Giving Him Something He Can Feel

The ladies of En Vogue reincarnated this cover of the Curtis Mayfield-penned opus from the 1976 film Sparkle. Originally recorded by Aretha Franklin for the film’s soundtrack, the funky divas breathed new life into this sultry classic while maintaining its retro soul.  Featuring flawless harmonies and lead vocals by Dawn Robinson, “Giving Him Something He Can Feel” introduced listeners to this Mayfield’s genius composition while becoming the second single of En Vogue’s 1992 sophomore studio album to top the Billboard charts. With a video just as iconic, the group’s form-fitting red dresses sit on permanent display at the Smithsonian National Museum of African American History and Culture in Washington, DC.

This Woman’s Work
When neo-soul entity Maxwell gave a performance for MTV Unplugged in 1997, he premiered an angelic cover of Kate Bush’s hit “This Woman’s Work”. Harps and violins as way-finders for notes that levitated, his ownership left many of us ignorant that this was not an original composition. As both versions saw success on the charts, Maxwell introduced this folk song to an urban audience. The chanteur later recorded and released the a studio version of the song that appeared on the Love & Basketball soundtrack in 2000 as well as his 2001 LP, Now.

Angel of Mine

Shortly before gliding to #1 for four consecutive weeks on Billboard Hot 100 charts, Monica’s “Angel of Mine” belonged to British R&B group , Eternal. Written by Grammy Award-winning producer and songwriter Rhett Lawrence, the group topped the UK Singles charts and earned Eternal’s Greatest Hits compilation triple platinum-selling status in 1997.  Produced by Rodney “Darkchild” Jerkins, Monica’s rendition was released just one year later with equal success, certifying her own sophomore album, Boy Is Mine, platinum in 1999.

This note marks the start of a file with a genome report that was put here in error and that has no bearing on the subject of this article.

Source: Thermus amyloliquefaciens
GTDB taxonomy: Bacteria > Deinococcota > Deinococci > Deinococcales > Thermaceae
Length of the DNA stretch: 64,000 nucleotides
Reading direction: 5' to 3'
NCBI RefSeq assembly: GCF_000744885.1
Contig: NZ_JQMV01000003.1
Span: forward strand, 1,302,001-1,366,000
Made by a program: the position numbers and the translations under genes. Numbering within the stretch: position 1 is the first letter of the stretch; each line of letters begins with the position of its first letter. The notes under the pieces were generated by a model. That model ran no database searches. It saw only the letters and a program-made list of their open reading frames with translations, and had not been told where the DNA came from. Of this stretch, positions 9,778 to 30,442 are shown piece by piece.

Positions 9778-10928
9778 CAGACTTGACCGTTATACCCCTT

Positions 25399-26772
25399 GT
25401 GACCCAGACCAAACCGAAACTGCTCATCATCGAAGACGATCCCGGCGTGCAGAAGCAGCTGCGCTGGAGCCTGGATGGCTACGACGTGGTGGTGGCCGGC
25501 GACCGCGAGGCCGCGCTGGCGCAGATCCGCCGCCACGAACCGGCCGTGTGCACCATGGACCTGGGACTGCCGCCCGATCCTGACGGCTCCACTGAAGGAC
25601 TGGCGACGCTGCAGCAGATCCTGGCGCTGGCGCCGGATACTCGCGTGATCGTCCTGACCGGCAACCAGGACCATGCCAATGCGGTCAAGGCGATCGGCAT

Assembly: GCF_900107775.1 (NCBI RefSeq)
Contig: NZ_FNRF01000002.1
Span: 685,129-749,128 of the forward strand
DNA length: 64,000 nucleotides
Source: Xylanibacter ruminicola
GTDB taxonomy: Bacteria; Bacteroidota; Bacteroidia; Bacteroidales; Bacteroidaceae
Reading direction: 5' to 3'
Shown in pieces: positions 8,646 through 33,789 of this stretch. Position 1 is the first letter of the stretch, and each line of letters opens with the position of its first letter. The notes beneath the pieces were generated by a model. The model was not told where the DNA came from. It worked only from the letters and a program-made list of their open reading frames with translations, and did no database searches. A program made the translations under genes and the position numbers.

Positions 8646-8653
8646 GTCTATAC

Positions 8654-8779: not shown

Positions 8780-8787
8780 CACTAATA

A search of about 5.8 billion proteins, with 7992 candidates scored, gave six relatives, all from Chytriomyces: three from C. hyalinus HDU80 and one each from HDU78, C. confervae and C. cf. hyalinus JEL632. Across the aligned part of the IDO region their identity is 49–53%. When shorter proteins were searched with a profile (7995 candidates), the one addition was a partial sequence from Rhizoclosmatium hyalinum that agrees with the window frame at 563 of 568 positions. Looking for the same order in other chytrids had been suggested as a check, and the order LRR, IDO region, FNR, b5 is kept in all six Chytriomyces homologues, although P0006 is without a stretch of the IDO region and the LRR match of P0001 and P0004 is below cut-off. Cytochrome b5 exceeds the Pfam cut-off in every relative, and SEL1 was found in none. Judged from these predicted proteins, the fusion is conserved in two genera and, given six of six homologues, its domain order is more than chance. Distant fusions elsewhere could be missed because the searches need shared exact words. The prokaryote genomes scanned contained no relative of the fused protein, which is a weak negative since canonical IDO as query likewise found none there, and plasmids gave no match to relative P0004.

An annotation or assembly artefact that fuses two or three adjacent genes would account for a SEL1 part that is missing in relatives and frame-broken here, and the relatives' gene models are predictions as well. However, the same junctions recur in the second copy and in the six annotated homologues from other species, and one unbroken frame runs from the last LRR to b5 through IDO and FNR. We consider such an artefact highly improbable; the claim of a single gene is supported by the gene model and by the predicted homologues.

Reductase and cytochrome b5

If You Think You’re Lonely Now
The iconic sound of Jodeci is defined by the voice of K-Ci Hailey.  In 1994, the R&B mad band’s lead vocalist gifted us with a solo appearance on the Jason’s Lyricsoundtrack. “If You Think You’re Lonely Now”, a cover of the Bobby Womack hit, was a brief and perfectly crafted mark of independence with timeless lyrics, a bluesy bass-line, and harmonious background chorale. A fan favorite, the reinvention paid homage to Womack’s original groove while suiting K-Ci’s signature, gospel-bred vocals. Although was the crooner was still in Jodeci, it was justified that K-Ci could stand firmly on his own if necessary.